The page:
In modern society, we have become totally reliant on the internet for commerce, news, entertainment, and even interpersonal communications. Most people are generally aware that they leave “digital footprints” in one form or another every time they go online. But occasionally, your smartphone/internet activities may be used against your interests without you even being aware. 

How Insurance Companies Track Your Data iphone tracking

In a recent article in the New York Post, tech investigators revealed that certain apps downloaded to phones across the country were quietly collecting highly detailed motion data, which was then used to “score” drivers. This practice could lead to higher insurance rates. Life360 (locates your family members), GasBuddy (finds low-priced gas stations), and MyRadar (provides real-time weather tracking) are all smartphone apps that, in the background, also collect and transmit vehicle motion data back to the software publisher. And each publisher has a tie-in with a data collection company called Arity. Arity, unknown to most users, is owned by Allstate Insurance. By inadvertently opting into data sharing, a driver’s motion data, including miles traveled, acceleration, hard braking, collision, etc., can be shared (i.e., sold) by Arity to Allstate and other auto insurers, who review such driving behavior to determine insurability and set insurance rates. Even a user who took the time to review the numerous pages of vague legalese in the app’s Terms and Conditions would likely have no real idea that their driving behavior was being tracked and sold across the insurance industry.  

Phone Applications and Tracking 

At Sussman & Simcox, we are all about safe driving, and we work to hold responsible those who drive negligently and cause injury to others. But we have also seen years of abusive tactics by the insurance industry, tactics they routinely cloak as “fighting fraudulent claims” or “keeping premiums low,” but which usually just mean massively higher profits for their shareholders at the expense of policyholders. We do not doubt that Allstate would argue the collected driving data might “save money for cautious drivers.” But drivers who have had their premiums go down year over year seem the rare exception, whether they drive safely or not. So, take a look at some of your phone apps. Suppose you see a reference to “Arity” in the user agreement. In that case, Allstate may be monitoring your driver data without your knowledge, sharing it with other insurers, and making decisions about your insurability as a customer.  

On the same topic of having your activities tracked, at the very first client meeting at Sussman & Simcox, we remind new clients that anything they post on social media during the life of a case can later be discovered by an insurance representative/attorney before or during litigation. Privacy settings on a FaceBook or other social media accounts do not matter. During litigation, the defense could ask the court to order a victim to either provide a download of all posts or surrender login information to the defense so they can examine all such of posts.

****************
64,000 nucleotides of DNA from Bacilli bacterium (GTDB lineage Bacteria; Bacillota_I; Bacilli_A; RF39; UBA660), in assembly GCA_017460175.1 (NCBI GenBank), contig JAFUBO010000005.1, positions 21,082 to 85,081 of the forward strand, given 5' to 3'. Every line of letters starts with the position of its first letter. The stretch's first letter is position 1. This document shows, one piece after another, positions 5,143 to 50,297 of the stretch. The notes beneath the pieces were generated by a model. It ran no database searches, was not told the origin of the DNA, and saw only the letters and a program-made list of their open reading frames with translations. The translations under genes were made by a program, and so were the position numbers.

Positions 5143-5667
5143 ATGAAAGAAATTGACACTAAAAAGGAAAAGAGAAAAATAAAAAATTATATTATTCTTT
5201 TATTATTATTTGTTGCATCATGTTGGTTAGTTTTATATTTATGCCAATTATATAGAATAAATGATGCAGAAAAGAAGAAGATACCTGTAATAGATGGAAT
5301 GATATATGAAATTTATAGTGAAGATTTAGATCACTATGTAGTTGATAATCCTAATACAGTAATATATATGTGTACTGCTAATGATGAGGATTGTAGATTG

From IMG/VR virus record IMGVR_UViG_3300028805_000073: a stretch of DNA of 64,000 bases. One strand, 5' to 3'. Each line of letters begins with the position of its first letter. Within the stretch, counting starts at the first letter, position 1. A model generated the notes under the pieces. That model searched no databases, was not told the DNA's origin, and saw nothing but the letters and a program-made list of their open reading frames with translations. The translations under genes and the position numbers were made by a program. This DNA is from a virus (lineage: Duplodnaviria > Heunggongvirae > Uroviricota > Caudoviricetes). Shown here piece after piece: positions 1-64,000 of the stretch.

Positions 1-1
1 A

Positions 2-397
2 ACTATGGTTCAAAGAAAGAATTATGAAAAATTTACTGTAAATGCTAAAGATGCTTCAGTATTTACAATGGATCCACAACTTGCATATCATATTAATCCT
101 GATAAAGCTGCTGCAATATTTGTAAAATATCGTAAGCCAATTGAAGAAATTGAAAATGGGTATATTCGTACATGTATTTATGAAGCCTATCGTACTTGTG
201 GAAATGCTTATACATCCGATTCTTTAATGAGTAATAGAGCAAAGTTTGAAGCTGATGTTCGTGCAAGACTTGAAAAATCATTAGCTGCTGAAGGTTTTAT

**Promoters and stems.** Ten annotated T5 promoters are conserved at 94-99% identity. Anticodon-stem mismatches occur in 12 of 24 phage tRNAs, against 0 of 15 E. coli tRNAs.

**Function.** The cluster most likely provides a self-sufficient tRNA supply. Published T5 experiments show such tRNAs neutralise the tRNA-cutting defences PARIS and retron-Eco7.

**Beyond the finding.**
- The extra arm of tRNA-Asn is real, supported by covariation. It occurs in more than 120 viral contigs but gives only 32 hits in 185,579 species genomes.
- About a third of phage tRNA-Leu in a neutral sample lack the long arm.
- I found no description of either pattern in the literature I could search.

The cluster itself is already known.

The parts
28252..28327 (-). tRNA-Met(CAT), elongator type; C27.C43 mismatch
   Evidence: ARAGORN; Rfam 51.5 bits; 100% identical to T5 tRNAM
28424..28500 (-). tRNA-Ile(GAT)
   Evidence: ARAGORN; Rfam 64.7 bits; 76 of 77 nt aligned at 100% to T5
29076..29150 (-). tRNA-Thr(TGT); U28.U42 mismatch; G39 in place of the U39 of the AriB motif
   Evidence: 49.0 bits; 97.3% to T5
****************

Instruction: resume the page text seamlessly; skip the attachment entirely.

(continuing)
How Social Media Can Affect Your Claim 

Why would the defense want to snoop on someone’s social media? To see what the victim was up to after a collision. The defense is hoping to find information that will support an argument that the victim was “not as injured” as they are claiming. So if a victim tells their physician that their neck and back remain sore two months after a traffic collision, but that weekend they are posting photos to Facebook showing them dancing and enjoying life at a wedding reception, the defense will invariably argue the victim is an exaggerator. 

The problem is that even innocent posts can get misinterpreted. In a recent case, a client at Sussman & Simcox sat for a deposition regarding a June traffic accident that caused serious shoulder problems for the client. After the client testified under oath that he could not play golf for many months after the collision, he was confronted by the insurance defense attorney with a Facebook post from just a month after the collision.  There he was, on a golf course, smiling. The client was adamant that he did not play golf that summer at all, and he left the deposition confused and upset. Later research revealed that while the Facebook post went up the month after the collision, the photo itself was from the prior year, i.e. long before the collision. The client even noticed that he was wearing long sleeves in the photo, which he would never do during the hot summer months. The defense attorney was eventually persuaded that the client had not been golfing that summer. 

Rather than have to research and explain such posts, we remind clients that the insurance industry is watching you. If you post about your activities online, it is fair game for your opponent to monitor and use such posts to their advantage, not yours. So to anyone who is active on social media, the best advice is to limit posts after an accident severely or to limit posts to neutral topics, such as the weather, sports, etc., and not about yourself.

Howard Simcox
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Gaithersburg Personal Injury Attorney
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